Self pollination is the pollination mode that was most scattered across Germany, only being less frequent in the south-east. The reproductive assurance hypothesis (Baker, 1955) states that selfing is a selective advantage when pollinators are absent (e.g. owing to poor or unpredictable climatic conditions, frequent disturbance or during colonization; see also Schoen et al., 1996; Kalisz & Vogler, 2003; Kalisz et al., 2004). The areas of highest selfing frequencies are along the North Sea coast, the Pleistocene lake areas in the north-east and some parts of the Elbe and Rhine valley. All these are regions where natural disturbance is high (e.g. owing to flooding events and/or storms). The large river valleys are also known to be especially rich in alien species (Planty-Tabacchi et al., 1996; Deutschewitz et al., 2003) which are more frequently self-pollinated than native species (Klotz et al., 2002).
The percentage of self-pollination was clearly found to decline with increasing altitude (Fig. 3a). This finding strongly contrasts with the classical expectation based on the reproductive assurance hypothesis that selfing should be selected for under unfavourable environmental conditions such as high altitudes or latitudes in which pollinator service may be uncertain (Bliss, 1962; Richards, 1997). This view, however, seems to have been based on the premature adoption for alpine floras of the suggested role of autogamy and apomixis in arctic floras (Packer, 1974). Empirical evidence for a declining role of insect pollination may be biased towards particularly sensitive and taxonomically narrow groups of insect pollinated species, like orchids pollinated mainly by Lepidoptera (Jacquemyn et al., 2005). The decline of selfing species with increasing altitude may not be related to the breeding system itself, but may result from the predominant annual life cycle of selfing species. Thus, they depend on the successful completion of the life cycle within one season. This makes them more susceptible to unfavourable and variable climatic conditions than the preferentially outcrossing perennials which can accumulate scarce resources over time and endure unfavourable conditions.
Indeed, a number of studies point to the maintenance or predominance of outcrossing breeding systems at high altitudes of temperate regions (Gugerli, 1998; Körner, 2003). Unlike selfing, outcrossing breeding systems ensure the maintenance of high genetic variability at population level which is considered a prerequisite for long-term persistence in stochastic environments (Lande & Shannon, 1996). Indeed, many high-elevation plants combine outcrossing breeding systems that ensure the maintenance of genetic variability with clonal propagation, allowing persistence and reproduction of successful genotypes under harsh environmental conditions. Selfing was also negatively affected by percentage grassland. Species-rich grasslands are characterized by strong competition among species resulting in low numbers of weak competitors like annuals which mostly are selfing species (Aarssen, 2000). Wind speed was weakly positively correlated with selfing. This, however, is probably a result of the strong decrease of insect pollination.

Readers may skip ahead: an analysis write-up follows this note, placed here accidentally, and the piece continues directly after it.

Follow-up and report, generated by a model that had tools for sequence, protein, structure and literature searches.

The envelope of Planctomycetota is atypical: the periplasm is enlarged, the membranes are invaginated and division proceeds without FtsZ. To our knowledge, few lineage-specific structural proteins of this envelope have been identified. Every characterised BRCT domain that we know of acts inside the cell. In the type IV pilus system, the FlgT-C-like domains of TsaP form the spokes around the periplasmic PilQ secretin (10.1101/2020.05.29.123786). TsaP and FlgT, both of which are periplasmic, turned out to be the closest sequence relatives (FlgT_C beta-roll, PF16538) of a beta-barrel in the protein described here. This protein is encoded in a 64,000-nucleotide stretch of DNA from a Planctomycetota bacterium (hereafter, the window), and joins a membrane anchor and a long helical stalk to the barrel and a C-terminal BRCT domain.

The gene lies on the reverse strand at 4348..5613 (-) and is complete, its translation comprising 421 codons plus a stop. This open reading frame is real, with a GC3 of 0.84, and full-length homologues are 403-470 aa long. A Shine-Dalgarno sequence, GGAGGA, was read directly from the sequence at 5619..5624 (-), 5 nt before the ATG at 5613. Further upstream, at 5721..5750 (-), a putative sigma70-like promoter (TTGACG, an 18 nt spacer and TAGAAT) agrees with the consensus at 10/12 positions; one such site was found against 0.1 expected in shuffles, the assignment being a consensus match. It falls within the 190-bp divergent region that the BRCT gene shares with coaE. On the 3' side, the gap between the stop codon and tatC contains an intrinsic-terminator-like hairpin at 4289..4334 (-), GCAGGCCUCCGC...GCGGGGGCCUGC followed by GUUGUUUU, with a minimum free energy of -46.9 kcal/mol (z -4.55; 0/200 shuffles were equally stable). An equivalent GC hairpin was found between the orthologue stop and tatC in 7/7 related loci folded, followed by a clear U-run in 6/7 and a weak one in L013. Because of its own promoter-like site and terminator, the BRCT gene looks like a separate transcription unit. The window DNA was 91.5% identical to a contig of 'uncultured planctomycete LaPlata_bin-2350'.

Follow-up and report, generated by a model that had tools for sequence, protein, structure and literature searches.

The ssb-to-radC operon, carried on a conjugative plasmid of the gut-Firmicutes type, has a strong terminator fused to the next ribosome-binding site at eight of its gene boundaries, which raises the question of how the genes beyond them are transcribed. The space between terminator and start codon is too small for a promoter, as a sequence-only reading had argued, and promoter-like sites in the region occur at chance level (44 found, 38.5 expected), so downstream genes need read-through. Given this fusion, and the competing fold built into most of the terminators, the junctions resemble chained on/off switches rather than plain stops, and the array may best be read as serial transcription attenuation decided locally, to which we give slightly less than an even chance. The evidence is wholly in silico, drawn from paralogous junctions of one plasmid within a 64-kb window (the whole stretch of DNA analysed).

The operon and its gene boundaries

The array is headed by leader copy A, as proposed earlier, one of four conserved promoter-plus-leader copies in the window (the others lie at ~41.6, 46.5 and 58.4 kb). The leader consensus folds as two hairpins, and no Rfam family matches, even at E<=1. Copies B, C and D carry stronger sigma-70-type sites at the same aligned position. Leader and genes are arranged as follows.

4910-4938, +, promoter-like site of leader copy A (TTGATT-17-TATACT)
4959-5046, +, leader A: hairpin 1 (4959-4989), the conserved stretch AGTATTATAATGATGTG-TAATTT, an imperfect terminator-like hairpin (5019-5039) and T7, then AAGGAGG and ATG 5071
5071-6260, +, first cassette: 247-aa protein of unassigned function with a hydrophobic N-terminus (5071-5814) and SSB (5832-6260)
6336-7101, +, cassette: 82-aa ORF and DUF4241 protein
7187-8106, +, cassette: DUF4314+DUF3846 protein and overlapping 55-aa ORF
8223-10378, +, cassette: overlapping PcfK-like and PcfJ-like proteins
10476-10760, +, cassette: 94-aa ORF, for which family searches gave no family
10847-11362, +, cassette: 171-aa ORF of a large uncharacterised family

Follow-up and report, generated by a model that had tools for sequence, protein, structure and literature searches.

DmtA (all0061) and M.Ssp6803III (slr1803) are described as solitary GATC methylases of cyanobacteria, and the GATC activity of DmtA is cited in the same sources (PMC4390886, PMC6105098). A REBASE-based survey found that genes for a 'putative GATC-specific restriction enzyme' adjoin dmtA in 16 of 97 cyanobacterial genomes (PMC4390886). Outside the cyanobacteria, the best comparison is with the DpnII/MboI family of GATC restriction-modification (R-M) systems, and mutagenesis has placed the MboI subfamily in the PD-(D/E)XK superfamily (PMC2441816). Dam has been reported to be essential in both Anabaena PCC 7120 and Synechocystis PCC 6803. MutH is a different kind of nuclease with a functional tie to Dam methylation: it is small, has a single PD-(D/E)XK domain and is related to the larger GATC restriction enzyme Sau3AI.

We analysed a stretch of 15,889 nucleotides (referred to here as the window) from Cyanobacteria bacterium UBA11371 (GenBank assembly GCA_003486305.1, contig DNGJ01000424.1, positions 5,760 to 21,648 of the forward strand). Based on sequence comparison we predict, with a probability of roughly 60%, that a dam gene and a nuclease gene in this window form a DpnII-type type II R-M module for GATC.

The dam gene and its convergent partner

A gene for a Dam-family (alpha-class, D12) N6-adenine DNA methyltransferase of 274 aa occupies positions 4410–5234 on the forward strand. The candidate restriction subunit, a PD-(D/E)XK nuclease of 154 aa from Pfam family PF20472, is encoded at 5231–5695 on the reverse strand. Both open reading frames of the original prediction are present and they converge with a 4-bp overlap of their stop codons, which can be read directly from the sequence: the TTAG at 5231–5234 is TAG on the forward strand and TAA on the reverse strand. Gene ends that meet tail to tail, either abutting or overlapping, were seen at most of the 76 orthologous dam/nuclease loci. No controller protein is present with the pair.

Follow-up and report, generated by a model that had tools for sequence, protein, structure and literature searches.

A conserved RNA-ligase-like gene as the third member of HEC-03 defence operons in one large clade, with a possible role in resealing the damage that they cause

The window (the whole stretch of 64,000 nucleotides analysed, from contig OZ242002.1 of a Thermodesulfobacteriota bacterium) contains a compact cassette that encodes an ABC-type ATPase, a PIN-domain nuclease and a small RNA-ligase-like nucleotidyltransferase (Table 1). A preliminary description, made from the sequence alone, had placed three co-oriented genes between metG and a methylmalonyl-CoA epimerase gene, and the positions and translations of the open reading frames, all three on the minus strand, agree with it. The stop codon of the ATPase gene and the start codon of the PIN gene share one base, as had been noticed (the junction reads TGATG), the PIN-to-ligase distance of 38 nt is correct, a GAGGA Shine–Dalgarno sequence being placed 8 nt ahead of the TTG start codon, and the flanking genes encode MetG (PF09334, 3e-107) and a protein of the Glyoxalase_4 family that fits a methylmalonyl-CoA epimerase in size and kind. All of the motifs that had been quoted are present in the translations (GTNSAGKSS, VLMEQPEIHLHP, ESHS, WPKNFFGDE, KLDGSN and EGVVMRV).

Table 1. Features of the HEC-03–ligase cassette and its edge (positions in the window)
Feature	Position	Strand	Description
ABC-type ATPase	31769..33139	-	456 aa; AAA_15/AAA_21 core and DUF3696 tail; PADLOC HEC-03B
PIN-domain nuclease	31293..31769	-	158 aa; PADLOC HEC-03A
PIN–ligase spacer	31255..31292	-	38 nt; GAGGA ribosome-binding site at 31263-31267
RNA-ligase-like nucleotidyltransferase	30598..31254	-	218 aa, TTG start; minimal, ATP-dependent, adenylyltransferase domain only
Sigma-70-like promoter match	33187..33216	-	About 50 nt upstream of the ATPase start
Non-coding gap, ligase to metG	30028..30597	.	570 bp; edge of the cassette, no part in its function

A number of factors and processes that may influence the distributional patterns of pollination modes cannot be tackled by our analysis. First, pollination is not static within a species but may vary both in space and time in adaptation to local conditions. Thus there is not only a shift between species and in species composition but also a shift within species and populations from outcrossing to selfing under adverse environmental conditions (Kalisz et al., 2004); this is also known for a number of European species (Couderc, 1978). However, such processes could not be recognized at the scale of our analysis and the species data at hand. Second, pollination is not necessarily needed for reproduction if species can reproduce clonally. Thus, despite having a specific pollination mode and breeding system, the distribution of clonal species may be independent of functioning of their sexual system (Hollingsworth et al., 1998). Third, and most important, the patterns of pollination type distribution may be biased by phylogenetic effects (i.e. closely related species of one grid cell may dominate a pattern against species from distant clades of a phylogeny). Unfortunately, we are not aware of any way of incorporating comparative methods (Harvey & Pagel, 1991) for compositional data in our context and that could be applied to > 2700 ‘samples’.
There was some caution raised by Quinn et al. (1994) when interpreting spatial patterns in the abundance of pollination types that are extrapolated to larger scales (e.g. 10 × 10 km resolution). Nevertheless, at a scale of 10′ longitude × 6′ latitude, we were successfully able to show a distinct pattern in the spatial distribution of the composition of pollination types across Germany, which we were able to explain using a set of environmental variables by effectively employing a novel statistical method which is applied (to our knowledge) for the first time to species distribution atlases.